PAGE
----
Zoroglu et al v. Wells Fargo Bank NA et al

Filing 7

ORDER, denying Plaintiffs' 5 Notice/Application for a Temporary Restraining Order (Doc. 1-1, Ex. 5). Signed by Judge G Murray Snow on 1/25/12. (REW)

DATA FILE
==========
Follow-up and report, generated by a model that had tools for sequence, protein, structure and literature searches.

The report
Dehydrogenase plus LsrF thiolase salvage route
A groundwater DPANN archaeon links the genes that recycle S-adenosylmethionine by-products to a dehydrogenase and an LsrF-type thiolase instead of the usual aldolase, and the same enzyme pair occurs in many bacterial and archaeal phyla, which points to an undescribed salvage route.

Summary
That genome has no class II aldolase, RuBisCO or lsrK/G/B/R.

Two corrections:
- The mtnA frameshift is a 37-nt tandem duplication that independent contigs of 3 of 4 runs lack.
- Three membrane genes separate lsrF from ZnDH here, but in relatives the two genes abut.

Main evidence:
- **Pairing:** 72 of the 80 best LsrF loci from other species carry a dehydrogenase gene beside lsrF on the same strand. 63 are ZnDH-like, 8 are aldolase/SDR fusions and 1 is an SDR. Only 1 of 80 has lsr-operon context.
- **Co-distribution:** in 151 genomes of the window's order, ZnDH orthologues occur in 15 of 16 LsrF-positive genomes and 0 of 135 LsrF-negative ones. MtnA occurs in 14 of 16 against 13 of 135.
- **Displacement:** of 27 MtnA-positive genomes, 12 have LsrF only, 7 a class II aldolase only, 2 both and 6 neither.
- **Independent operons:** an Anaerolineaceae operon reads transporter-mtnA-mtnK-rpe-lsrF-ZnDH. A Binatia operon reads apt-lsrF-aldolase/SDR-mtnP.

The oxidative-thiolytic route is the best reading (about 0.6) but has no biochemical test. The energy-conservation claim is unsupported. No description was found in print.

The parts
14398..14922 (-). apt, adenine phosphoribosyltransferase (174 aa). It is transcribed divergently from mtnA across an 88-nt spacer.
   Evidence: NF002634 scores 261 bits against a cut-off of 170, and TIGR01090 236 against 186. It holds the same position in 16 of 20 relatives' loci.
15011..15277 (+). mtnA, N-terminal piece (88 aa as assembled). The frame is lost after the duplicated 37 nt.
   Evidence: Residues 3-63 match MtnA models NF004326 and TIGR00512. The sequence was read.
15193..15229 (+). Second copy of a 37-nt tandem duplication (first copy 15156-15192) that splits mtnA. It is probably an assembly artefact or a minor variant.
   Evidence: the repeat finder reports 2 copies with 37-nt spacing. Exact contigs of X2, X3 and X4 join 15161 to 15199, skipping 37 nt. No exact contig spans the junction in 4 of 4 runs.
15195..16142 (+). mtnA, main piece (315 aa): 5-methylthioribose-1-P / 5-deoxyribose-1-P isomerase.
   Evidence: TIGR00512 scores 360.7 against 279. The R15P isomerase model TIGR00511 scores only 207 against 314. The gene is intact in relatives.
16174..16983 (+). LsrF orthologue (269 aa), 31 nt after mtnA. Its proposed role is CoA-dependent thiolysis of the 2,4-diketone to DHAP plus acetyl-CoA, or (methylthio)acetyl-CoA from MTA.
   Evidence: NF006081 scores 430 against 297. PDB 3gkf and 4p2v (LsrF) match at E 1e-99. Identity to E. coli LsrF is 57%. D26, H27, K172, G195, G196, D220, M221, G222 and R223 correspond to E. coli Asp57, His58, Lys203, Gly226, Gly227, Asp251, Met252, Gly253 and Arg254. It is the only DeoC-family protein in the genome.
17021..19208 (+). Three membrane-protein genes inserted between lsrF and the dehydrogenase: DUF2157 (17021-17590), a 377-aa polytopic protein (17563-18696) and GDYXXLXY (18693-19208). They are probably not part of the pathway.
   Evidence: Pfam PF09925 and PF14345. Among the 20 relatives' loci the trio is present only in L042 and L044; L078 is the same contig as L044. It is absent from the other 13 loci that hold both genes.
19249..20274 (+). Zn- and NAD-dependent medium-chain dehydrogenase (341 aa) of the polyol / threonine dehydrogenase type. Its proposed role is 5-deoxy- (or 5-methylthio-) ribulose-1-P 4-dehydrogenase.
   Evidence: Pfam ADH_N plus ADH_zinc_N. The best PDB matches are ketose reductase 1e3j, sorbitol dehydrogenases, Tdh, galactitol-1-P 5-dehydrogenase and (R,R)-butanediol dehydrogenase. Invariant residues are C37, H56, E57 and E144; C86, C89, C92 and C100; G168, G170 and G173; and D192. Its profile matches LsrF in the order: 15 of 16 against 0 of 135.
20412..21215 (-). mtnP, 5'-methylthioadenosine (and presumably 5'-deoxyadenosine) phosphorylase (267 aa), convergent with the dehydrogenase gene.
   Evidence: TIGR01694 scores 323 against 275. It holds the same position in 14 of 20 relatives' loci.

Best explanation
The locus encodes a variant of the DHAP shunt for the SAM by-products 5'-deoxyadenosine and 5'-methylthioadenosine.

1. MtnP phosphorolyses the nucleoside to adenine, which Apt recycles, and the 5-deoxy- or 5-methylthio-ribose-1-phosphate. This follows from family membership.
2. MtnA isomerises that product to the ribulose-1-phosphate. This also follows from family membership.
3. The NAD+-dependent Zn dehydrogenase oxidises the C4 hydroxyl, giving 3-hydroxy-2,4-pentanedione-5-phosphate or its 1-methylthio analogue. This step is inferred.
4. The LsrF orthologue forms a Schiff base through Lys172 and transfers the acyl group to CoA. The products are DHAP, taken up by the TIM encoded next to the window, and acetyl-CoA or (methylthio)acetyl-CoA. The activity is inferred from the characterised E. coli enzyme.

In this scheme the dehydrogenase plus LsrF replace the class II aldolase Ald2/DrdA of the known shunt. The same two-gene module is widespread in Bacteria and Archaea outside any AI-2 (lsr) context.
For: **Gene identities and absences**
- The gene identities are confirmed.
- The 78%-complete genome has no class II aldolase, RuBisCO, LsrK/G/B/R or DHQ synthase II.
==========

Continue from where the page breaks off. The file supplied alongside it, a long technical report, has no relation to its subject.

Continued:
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1 WO 2 3 4 5 6 IN THE UNITED STATES DISTRICT COURT 7 FOR THE DISTRICT OF ARIZONA 8 9 10 11 12 13 14 15 Demir Zoroglu and Tuzin G. Zoroglu,) ) Husband and wife, ) ) Plaintiffs, ) ) vs. ) ) Wells Fargo Bank, N.A.; First American) ) Title Insurance Company, ) ) Defendants. ) ) No. CV12-156-PHX-GMS ORDER 16 17 Pending before the Court is Plaintiff’s Application for a Temporary Restraining Order 18 (“TRO”) with Notice and Motion for Preliminary Injunction. (Doc. 1-1, Ex. 5). For the 19 reasons stated below, the Motion is denied.1 BACKGROUND 20 21 On March 30, 2007, Defendant Wells Fargo Bank recorded a Deed of Trust 22 encumbering Plaintiffs’ property, located at 10563 East Skinner Drive, Scottsdale, Arizona 23 (“the Property”). (Doc. 1-1, Ex. 1 ¶¶ 5–6). Plaintiffs allege that Defendant “failed to verify 24 that Plaintiffs had the ability to repay the credit extended” in exchange for the encumbrance. 25 (Id. ¶ 7). Because it did not verify that Plaintiffs could pay back the loan, according to the 26 27 28 1 No hearing will be held on the motion because oral argument will not aid the Court’s decision. See Lake at Las Vegas Investors Group, Inc. v. Pac. Malibu Dev., 933 F.2d 724, 729 (9th Cir. 1991). 1 complaint, Defendant “failed to use proper due diligence in underwriting the loan secured 2 by the Deed of Trust.” (Id. ¶ 12). In January of 2010, Defendant Wells Fargo transferred its 3 interest in the Deed of Trust to First American Loanstar Trustee Services, LLC. (Id. ¶ 14). 4 Defendant First American Title Company (“First American”) recorded a Notice of Trustee 5 Sale, and the Property is scheduled to be sold under the Deed of Trust on February 6, 2012 6 at 12:00 pm. 7 Plaintiffs sue under Arizona’s Uniform Declaratory Judgments Act, which states that 8 “[a]ny person interested under a deed, will, written contract or other writings constituting a 9 contract, or whose rights, status or other legal relations are affected by a statute, municipal 10 ordinance, contract or franchise, may have determined any question of construction or 11 validity arising under the instrument, statute, ordinance, contract, or franchise and obtain a 12 declaration of rights, status or other legal relations thereunder.” Ariz. Rev. Stat. (“A.R.S.”) 13 § 12-1832. (2003). They claim that they are entitled to a judicial determination “as to whether 14 the preparation and execution of the Notice of Sale by FATCO precludes FATCO from 15 completing the trustee’s sale of the Property as noticed in the Notice of Sale.” (Doc. 1-1, Ex. 16 1 ¶ 24). Plaintiffs seek a TRO to prevent the sale from going forward. 17 18 BACKGROUND 1. Legal Standard 19 A plaintiff must establish four elements in order to be granted a preliminary 20 injunction, including “that he is likely to succeed on the merits, that he is likely to suffer 21 irreparable harm in the absence of preliminary relief, that the balance of equities tips in his 22 favor, and that an injunction is in the public interest.” Winter v. Nat’t Res. Def. Council, 55 23 U.S. 7, 22 (2008), see FED. R. CIV. P. 65. (emphasis in original). The Ninth Circuit considers 24 three of these four elements using a “sliding scale” approach, where “ the elements of the 25 preliminary injunction test are balanced, so that a stronger showing of one element may 26 offset a weaker showing of another.” Alliance for the Wild Rockies v. Cottrell, 632 F.3d 27 1127, 1131 (9th Cir. 2011). The element of irreparable injury, however, is not subject to 28 balance; the moving party must “demonstrate that irreparable injury is likely in the absence -2- 1 of an injunction.” Winter, 55 U.S. at 23 (emphasis in original). Should the moving party 2 demonstrate a very high likelihood of injury, the likelihood of success on the merits may be 3 relaxed. In such cases, an injunction may be granted when “serious questions going to the 4 merits were raised and the balance of hardships tips sharply in the plaintiff’s favor.” Wild 5 Rockies, 632 F.3d at 1134–35, quoting The Lands Council v. McNair, 57 F.3d 981, 987 (9th 6 Cir. 2008). 7 “For the purposes of injunctive relief, ‘serious questions’ refers to questions which 8 cannot be resolved one way or the other at the hearing on the injunction and as to which the 9 court perceives a need to preserve the status quo lest one side prevent resolution of the 10 questions or execution of any judgment by altering the status quo. Serious question are 11 ‘substantial, difficult and doubtful, as to make them a fair ground for litigation and thus for 12 more deliberative investigation.’” Republic of the Philippines v. Marcos, 862 F.2d 1355, 13 1362 (9th Cir. 1988) (en banc) (quoting Hamilton Watch Co. v. Benrus Watch Co., 206 F.2d 14 738, 740 (2d Cir. 1952) (Frank, J.)). “Serious questions need not promise a certainty for 15 success, nor even present a probability of success, but must involve a ‘fair chance of success 16 on the merits.’” Id. (quoting Nat’l Wildlife Fed’n v. Coston, 773 F.2d 1513, 1517 (9th Cir. 17 1985)); see Bernhardt v. L.A. County, 339 F.3d 920, 926–27 (9th Cir. 2003) (citing Republic 18 of the Philippines, 862 F.2d at 1362). 19 2. Analysis 20 Plaintiffs have alleged that if the sale goes forward, they will lose their home, and loss 21 of property unquestionably qualifies as “irreparable harm.” Fromkin v. Indymac Bank FSB, 22 2010 WL 2541167, *4 (D. Ariz. June 18, 2010). Plaintiffs’ claim on the merits is that 23 Defendant Wells Fargo did not properly determine whether they would be able to pay back 24 the money that it lent them, and that First American cannot sell their house under the Deed 25 of Trust because of undisclosed errors with the preparation and execution of the notice of 26 sale. They cite no law in support the proposition that either of these facts would void the sale. 27 They do not allege that they have met their loan obligations; they do not allege that either 28 Defendant violated the terms of the loan or any subsequent modification; they do not allege -3- 1 any sort of fraud or misrepresentation by either Defendant. Plaintiffs have sent a Qualified 2 Request Letter to Wells Fargo and state that once Wells Fargo returns the requested 3 documents, those documents “will conclusively show that Wells Fargo failed to determine 4 that Plaintiffs could reasonably be able to repay the loan from resources other than the 5 Property.” (Doc. 1-1, Ex. 5 at 4). They offer no reason that they believe the documents will 6 offer such proof, and no legal argument that such proof, if offered, would serve to void the 7 trustee’s sale. 8 Under the Declaratory Judgment Act, Plaintiffs may be entitled to a “declaration of 9 rights, status or other legal relations.” A.R.S. § 12-1832. They are not, however, entitled to 10 a TRO without raising “serious questions” as to the merits of their claim. Plaintiffs’ bare 11 allegations fail to raise questions that are “substantial, difficult and doubtful, as to make them 12 a fair ground for litigation and thus for more deliberative investigation.” Marcos, 862 F.2d 13 at 1362. Their application for a TRO is therefore denied. 14 CONCLUSION 15 Plaintiffs have alleged that irreparable harm would result from the sale of their home 16 but have not raised serious questions as to the merits, and therefore their motion for a TRO 17 is denied. 18 IT IS THEREFORE ORDERED that Plaintiffs Application for a Temporary 19 Restraining Order (Doc. 1-1, Ex. 5) is denied. 20 DATED this 25th day of January, 2012. 21 22 23 24 25 26 27 28 -4-